Pullman Strike 1894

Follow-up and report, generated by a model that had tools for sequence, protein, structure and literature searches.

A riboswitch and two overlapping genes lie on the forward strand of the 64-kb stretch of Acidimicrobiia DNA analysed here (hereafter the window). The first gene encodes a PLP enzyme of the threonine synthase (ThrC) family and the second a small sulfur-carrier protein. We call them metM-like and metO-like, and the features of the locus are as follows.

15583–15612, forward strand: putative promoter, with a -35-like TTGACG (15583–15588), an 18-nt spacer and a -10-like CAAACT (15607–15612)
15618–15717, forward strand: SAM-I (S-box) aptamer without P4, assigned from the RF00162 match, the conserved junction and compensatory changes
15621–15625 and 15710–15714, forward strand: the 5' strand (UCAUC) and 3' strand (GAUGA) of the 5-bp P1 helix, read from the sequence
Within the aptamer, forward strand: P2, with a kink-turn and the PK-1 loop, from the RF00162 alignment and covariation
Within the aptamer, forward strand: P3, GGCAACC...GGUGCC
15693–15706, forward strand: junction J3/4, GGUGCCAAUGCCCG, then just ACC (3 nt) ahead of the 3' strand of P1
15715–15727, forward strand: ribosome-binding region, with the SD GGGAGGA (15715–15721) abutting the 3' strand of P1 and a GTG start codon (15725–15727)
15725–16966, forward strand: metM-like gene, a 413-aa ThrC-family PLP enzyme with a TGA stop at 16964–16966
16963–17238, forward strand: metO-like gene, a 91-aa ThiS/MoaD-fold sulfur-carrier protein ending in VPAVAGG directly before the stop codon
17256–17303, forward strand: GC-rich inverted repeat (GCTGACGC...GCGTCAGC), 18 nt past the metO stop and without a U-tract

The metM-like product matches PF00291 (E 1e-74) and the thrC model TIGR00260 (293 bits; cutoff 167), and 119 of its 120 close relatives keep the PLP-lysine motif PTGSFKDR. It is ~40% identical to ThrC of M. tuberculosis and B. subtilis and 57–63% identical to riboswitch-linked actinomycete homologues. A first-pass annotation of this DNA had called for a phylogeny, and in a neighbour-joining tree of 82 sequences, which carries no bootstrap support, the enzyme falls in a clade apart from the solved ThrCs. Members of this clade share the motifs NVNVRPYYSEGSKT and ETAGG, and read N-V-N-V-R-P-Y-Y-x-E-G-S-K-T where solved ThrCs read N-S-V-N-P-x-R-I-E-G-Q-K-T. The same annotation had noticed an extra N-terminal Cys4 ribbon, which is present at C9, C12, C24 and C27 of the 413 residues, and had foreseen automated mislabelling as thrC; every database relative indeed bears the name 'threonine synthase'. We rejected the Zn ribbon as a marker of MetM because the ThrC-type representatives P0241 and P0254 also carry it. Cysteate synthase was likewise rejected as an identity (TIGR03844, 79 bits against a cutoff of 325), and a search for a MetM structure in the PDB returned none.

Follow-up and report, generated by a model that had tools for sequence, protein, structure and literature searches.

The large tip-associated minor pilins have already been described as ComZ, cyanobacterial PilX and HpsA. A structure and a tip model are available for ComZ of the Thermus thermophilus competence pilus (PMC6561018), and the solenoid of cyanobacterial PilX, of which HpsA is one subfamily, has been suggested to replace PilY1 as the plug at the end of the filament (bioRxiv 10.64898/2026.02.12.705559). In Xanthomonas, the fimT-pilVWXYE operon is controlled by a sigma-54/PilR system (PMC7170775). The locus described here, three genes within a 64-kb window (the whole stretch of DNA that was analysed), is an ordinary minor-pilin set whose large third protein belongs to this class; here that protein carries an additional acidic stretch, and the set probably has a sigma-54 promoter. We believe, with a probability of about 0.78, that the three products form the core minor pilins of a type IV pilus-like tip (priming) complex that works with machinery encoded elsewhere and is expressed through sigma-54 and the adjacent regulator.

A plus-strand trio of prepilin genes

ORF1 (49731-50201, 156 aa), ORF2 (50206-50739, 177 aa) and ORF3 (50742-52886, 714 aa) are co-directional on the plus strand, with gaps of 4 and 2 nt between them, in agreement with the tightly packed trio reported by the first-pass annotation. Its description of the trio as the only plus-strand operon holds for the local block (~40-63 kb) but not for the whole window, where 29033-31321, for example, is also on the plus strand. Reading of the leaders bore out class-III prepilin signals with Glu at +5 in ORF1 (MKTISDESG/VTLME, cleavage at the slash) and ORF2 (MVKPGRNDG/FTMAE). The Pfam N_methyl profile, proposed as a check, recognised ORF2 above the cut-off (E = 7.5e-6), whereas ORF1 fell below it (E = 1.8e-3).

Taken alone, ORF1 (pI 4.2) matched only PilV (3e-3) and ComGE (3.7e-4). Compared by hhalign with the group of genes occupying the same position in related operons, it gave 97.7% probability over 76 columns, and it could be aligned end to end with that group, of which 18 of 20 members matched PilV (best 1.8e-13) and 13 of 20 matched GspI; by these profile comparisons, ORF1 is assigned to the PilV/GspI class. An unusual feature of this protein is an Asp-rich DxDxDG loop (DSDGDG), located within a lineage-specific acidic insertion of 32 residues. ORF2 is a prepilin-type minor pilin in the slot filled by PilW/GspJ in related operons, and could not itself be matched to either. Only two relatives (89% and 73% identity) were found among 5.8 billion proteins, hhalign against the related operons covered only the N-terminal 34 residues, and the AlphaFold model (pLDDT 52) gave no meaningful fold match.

In 1894, employees of the Pullman Palace Car Company outside Chicago, Illinois, struck to protest the firing of one-third of the company’s workers and a 30 percent wage. The strike won the support of the American Railway Union, which began a boycott and strike of railroads using Pullman cars. Over the next few months about 260,000 workers walked off the job. The railroad companies supported Pullman and enlisted the aid of the Federal government, which sent troops, who fought deadly battles with the workers. The companies won a court injunction against the strikers, and when the American Federation of Labor ordered their members back to work, the strike was defeated. One result was a search for a more peaceful mechanism to settle railroad labor disputes.